That said, many of the presidential candidates have advanced far less sweeping health care options that would lower the Medicare age to 55 or allow people to buy in to the current Medicare program—an approach often referred to as a “public option.” Those would keep the program essentially structured as it is today.
The Democratic healthcare debate is more complicated than these familiar words suggest.
Every analyst interviewed for this story floated some kind of concern regarding a Medicare for All system. There’s the issue of how people would respond to losing the option of private insurance—a likely consequence of Sanders’ proposal—and the question of what level of tax hikes would be necessary to finance such a system, particularly if it covers a big-ticket item such as long-term care. There are also concerns about the financial impact for hospitals, often large employers in a community, or for the private insurance industry jobs that would likely disappear.
Focusing on current Medicare benefits misses the point, suggested Sherry Glied, a health economist and dean at New York University. When debating the merits of the ACA versus Medicare for All, Medicare’s current generosity is kind of a red herring, she said.
Plus, making Obamacare or Medicare for All an either-or debate ignores a sizable political bloc: Democrats who say they support the ACA and see single-payer as a next step. That tension is at play with presidential candidates like Kamala Harris, who frame Medicare for All as an ultimate goal, while also backing incremental reforms.
Comparing Medicare to Obamacare is difficult since each offers different benefits to different people.
The problem is that both Medicare and Obamacare are vast programs. Depending on your income, health needs and the version you sign up for, either one could prove the better choice.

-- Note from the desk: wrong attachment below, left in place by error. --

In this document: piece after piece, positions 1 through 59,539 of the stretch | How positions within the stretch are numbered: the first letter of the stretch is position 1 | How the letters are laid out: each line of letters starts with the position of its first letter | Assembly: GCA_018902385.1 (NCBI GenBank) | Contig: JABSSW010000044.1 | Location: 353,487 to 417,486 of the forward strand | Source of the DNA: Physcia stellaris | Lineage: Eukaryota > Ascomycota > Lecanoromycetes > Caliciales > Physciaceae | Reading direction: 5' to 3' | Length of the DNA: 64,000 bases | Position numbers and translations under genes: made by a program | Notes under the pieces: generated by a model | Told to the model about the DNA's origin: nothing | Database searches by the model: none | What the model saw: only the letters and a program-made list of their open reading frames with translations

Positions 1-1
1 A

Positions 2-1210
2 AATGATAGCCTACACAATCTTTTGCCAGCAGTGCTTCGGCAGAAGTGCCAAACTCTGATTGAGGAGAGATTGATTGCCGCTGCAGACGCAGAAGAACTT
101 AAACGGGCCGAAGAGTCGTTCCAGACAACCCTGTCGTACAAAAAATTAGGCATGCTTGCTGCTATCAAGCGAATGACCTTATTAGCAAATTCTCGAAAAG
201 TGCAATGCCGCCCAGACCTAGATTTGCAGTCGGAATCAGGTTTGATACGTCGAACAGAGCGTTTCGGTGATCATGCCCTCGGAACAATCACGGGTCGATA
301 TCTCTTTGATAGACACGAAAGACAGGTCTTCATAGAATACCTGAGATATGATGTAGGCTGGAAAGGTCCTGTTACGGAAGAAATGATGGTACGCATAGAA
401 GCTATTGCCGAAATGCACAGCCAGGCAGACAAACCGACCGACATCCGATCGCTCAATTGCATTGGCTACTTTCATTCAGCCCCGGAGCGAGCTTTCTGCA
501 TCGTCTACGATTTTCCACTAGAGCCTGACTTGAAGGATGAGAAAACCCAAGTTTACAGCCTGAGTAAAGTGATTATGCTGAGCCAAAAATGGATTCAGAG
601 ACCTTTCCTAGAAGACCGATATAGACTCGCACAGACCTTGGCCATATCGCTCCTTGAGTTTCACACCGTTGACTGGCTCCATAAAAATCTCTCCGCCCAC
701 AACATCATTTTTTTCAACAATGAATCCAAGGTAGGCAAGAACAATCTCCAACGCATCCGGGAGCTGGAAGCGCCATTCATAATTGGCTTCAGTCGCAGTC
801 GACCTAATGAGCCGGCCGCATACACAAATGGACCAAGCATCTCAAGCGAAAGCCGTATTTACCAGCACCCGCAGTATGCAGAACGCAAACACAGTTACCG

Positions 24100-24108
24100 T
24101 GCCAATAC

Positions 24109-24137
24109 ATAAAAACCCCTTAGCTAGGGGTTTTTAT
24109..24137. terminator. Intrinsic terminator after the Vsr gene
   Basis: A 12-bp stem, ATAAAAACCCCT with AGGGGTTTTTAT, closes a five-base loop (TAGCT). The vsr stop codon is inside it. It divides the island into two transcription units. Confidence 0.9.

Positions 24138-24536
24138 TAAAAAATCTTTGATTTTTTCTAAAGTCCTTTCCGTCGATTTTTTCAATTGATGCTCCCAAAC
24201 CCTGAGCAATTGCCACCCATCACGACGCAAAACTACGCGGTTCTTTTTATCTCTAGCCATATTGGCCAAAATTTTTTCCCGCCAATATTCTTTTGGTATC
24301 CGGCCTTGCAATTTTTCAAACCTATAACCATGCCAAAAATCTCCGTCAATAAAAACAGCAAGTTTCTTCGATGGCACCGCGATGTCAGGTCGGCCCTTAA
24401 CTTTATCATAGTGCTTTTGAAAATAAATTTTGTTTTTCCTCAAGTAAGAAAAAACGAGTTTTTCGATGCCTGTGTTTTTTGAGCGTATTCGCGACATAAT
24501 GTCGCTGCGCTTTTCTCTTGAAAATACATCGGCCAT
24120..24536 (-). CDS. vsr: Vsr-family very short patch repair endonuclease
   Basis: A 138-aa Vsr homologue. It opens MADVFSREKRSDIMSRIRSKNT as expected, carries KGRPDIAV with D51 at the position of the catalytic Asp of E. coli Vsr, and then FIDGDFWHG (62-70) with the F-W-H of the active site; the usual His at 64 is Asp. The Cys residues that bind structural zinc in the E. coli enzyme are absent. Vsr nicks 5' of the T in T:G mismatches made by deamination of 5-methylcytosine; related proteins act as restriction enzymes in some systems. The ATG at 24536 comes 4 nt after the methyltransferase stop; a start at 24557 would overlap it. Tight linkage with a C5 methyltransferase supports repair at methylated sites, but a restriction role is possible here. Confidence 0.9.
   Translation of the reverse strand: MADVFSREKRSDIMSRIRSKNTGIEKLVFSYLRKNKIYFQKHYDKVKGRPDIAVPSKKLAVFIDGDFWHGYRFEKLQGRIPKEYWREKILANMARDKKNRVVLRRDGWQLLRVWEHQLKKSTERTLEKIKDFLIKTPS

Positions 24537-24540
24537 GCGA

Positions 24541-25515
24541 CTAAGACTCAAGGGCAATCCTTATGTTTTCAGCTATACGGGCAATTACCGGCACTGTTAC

“It’s impossible to say the ACA as a concept has more or less generous benefits,” Berenson said.
Broadly, the ACA has protections in place that traditional Medicare doesn’t. It caps how much patients pay out-of-pocket, and it has more generous coverage of mental health care and substance abuse treatment. But, in practice, those benefits have proved elusive for many since Medicare generally has a more robust network of participating physicians than many of the ACA’s cheaper plans, which restrict patients to a narrower coverage network.
Also, most beneficiaries don’t solely have traditional Medicare.
About a third use Medicare Advantage, in which private insurance companies construct Medicare plans with benefits and protections based on factors like company, tier and geography. They, too, are often restricted to narrower networks.
More than 1 in 5 traditional Medicare beneficiaries also receive Medicaid coverage, according to figures kept by the Kaiser Family Foundation, and about a third of them buy so-called Medigap plans, which are sold by private insurers and are meant to supplement gaps in coverage.
The ACA also encompasses an array of coverage options. Which plans are available in an area and whether earnings qualify a consumer for a government subsidy—a tax break meant to make an ACA plan more affordable—make a significant difference in evaluating whether Medicare or an ACA plan offers better benefits for a particular person or family.
Suggesting that one is clearly better than the other, Meara said, is a “gross oversimplification.”
But that kind of oversimplification may be hard to avoid, especially in a primary season where healthcare is a top issue.
“The Affordable Care Act is also not one thing, the way Medicare is not one thing,” said Katherine Baicker, Ph.D., dean of the Harris School of Public Policy at the University of Chicago. “So much of healthcare is more complicated than we can explain in a sound bite.”
Kaiser Health News is a nonprofit news service covering health issues. It is an editorially independent program of the Kaiser Family Foundation, which is not affiliated with Kaiser Permanente.